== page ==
With Halloween fast approaching, it's time to stock up on candy. We are not only handing out candy on Halloween night, but also Saturday night in our church parking lot.

Each year, Peace Lutheran Church holds it's Trunk or Treat event. Members hand out candy from the trunks of their cars in the church parking lot. The kids in the community come by the dozens.

So we went to a big store to get three bags of different candy. My wife and I got into a discussion about what we thought kids like.

We were thinking they would like what we liked when we were young. But times have changed, and so has candy over the years.

I did some research and found the results quite interesting. Trick-or-treating has been around since the 1920s, candy trends have changed with time.

Here are the most popular candies from every spook-tacular decade:

1920s: Baby Ruth
Introduced in 1921, this confection of peanuts, caramel, and chocolate-flavored nougat was an instant hit for trick-or-treaters. Other popular Halloween candies of the roaring '20s include Reese's Peanut Butter Cups, Oh Henry! Bars, and Bit-O-Honey.

1930s: 3 Musketeers
When it was first introduced in 1932, the 3 Musketeers bar consisted of three smaller chocolate-coated candies flavored with chocolate, vanilla, and strawberry (hence the name). Other new and popular candies from the 1930s include the still-popular Snickers, candy buttons, and Boston Baked Beans.

1940s: M&M's
It may be hard to imagine a trick-or-treat bag without the iconic M&M's, but they first came on the market in 1941 and were a highly-popular wartime product. Bazooka Bubble Gum, Jolly Ranchers, and Almond Joys were also huge in the '40s.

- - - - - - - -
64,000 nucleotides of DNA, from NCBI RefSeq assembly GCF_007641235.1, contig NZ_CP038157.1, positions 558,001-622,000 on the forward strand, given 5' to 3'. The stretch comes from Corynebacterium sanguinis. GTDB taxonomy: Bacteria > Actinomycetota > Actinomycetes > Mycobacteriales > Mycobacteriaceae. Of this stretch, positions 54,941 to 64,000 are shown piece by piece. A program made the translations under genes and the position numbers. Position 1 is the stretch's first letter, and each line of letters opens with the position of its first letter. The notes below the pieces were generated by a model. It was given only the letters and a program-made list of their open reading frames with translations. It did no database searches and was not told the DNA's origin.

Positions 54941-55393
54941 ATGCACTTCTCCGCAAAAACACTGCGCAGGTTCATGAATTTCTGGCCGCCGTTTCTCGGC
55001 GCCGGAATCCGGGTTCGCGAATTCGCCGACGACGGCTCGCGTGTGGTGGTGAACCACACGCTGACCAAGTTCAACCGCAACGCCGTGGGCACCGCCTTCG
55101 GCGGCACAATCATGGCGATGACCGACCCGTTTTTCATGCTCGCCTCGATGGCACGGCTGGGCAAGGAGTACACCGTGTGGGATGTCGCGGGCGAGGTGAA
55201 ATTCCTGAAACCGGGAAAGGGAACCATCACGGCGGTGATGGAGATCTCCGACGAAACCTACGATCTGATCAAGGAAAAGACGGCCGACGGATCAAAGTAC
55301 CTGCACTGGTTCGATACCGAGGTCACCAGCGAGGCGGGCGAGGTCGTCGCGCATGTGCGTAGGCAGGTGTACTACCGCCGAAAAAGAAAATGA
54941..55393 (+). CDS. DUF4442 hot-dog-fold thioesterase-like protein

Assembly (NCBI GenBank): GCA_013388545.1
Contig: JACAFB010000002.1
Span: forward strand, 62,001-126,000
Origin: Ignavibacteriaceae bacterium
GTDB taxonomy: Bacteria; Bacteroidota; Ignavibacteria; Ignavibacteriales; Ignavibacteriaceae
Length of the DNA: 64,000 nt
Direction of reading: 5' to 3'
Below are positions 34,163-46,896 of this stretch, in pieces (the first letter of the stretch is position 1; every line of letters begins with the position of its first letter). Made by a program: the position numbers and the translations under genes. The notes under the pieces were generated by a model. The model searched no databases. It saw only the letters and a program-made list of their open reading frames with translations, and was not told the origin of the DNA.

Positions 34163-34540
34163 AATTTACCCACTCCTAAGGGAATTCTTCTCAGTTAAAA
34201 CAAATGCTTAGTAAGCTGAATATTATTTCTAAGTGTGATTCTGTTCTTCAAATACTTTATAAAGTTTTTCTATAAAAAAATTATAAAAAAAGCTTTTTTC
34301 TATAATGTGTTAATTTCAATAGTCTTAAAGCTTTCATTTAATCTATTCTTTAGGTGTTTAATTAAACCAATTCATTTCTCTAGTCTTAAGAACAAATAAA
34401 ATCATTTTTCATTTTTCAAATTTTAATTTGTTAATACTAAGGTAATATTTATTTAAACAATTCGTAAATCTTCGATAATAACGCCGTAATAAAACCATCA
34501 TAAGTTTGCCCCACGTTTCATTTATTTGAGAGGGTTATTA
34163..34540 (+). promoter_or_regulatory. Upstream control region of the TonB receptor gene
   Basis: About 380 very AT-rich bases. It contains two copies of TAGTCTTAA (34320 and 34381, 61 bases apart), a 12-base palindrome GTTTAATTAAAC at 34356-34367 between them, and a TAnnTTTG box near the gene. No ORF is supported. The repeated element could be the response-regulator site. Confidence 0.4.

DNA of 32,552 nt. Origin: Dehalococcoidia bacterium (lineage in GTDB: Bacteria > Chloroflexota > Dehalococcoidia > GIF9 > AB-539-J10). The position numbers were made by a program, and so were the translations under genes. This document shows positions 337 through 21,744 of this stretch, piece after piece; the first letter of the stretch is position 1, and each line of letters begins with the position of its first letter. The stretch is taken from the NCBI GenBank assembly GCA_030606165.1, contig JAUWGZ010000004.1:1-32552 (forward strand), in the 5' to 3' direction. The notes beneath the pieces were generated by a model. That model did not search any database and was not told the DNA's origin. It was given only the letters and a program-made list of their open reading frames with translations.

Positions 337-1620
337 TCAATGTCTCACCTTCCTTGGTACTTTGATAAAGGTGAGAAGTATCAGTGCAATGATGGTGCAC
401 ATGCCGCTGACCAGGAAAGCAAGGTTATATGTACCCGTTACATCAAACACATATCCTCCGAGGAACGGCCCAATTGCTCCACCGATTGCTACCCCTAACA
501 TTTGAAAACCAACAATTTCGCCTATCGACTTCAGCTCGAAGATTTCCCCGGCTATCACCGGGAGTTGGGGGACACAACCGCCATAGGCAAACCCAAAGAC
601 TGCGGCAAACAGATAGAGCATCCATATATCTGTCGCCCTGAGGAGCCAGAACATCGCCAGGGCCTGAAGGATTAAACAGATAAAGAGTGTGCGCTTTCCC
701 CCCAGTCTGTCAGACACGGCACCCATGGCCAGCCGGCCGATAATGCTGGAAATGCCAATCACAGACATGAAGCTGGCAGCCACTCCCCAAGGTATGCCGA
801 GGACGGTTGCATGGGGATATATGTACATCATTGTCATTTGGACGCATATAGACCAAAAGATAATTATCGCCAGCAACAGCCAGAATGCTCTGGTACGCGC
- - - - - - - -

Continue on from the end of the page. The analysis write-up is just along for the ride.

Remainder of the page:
1950s: Atomic Fireballs
Fittingly titled, these fiery, cinnamon-flavored orbs were created in 1954 and quickly became a favorite for adventurous children. In a general sense, 1950s candies were a little bit more subdued, with Necco Wafers, Satellite Wafers, and black licorice-flavored treats winning over children.

1960s: SweeTARTS
Sugar was back in the 1960s, led by the new sugary and tart (and fittingly named) candy, SweeTARTS, which featured fruity flavors such as cherry, lime, lemon, orange, and grape. Banana flavor was also huge with Necco's Banana Splits and banana Slap Stix. Sugary, fruity candies such as Mike & Ike, Pixy Stix, and Starburst were also hugely popular.

1970s: Laffy Taffy
Fun came in to play in the 1970s, with jokes on the wrappers of the chewy, fruity Laffy Taffy candy. Candies that had surprises were huge, with sizzling Pop Rocks, fizzy ZotZ, two-in-one Blow Pops, and the delightful Fun Dip in trick-or-treaters' pillowcases.

1980s: Skittles
Though it seems like they've been around forever, Skittles weren't widely distributed in America until 1982. Willy Wonka candies such as Runts and Nerds were also hugely popular. In general, fruity flavors carried over from the '70s to the '80s with popular candies such as gummy bears, Ring Pops, and Sour Patch Kids.

1990s: AirHeads
Though technically introduced in the mid-1980s, out-of-control AirHeads were an iconic candy for '90s kids. Other playful favorites followed suit, with Baby Bottle Pops, Push Pops, and Bubble Gum Jugs all being rare but coveted on Halloween. And who can forget the super-sour WarHeads? Try not to pucker when eating one of those.

2000s: Nerds Rope
The '80s and '90s trends continued well in to the 2000s, with the popularity of cookies and cream chocolate bars, Sour Patch Kids, and of course the Nerds Rope. First introduced in the mid-'90s, this gummy string candy with Nerds attached to it was a much-coveted big candy item.

2010s: Reese's Peanut Butter Cups
What's old is new again in the 2010s. Despite new confections such as candy corn-flavored Hershey's bars, classics like Kit-Kat Bars, Snickers, and M&Ms are most commonly found in trick-or-treat bags. The most popular candy? Reese's Peanut Butter Cups and all of the company's other offerings, such as bat-shaped Reese's, Reese's Pieces, and the Reese's Fast Break, are huge.

Source: Radio Online, The Daily Meal

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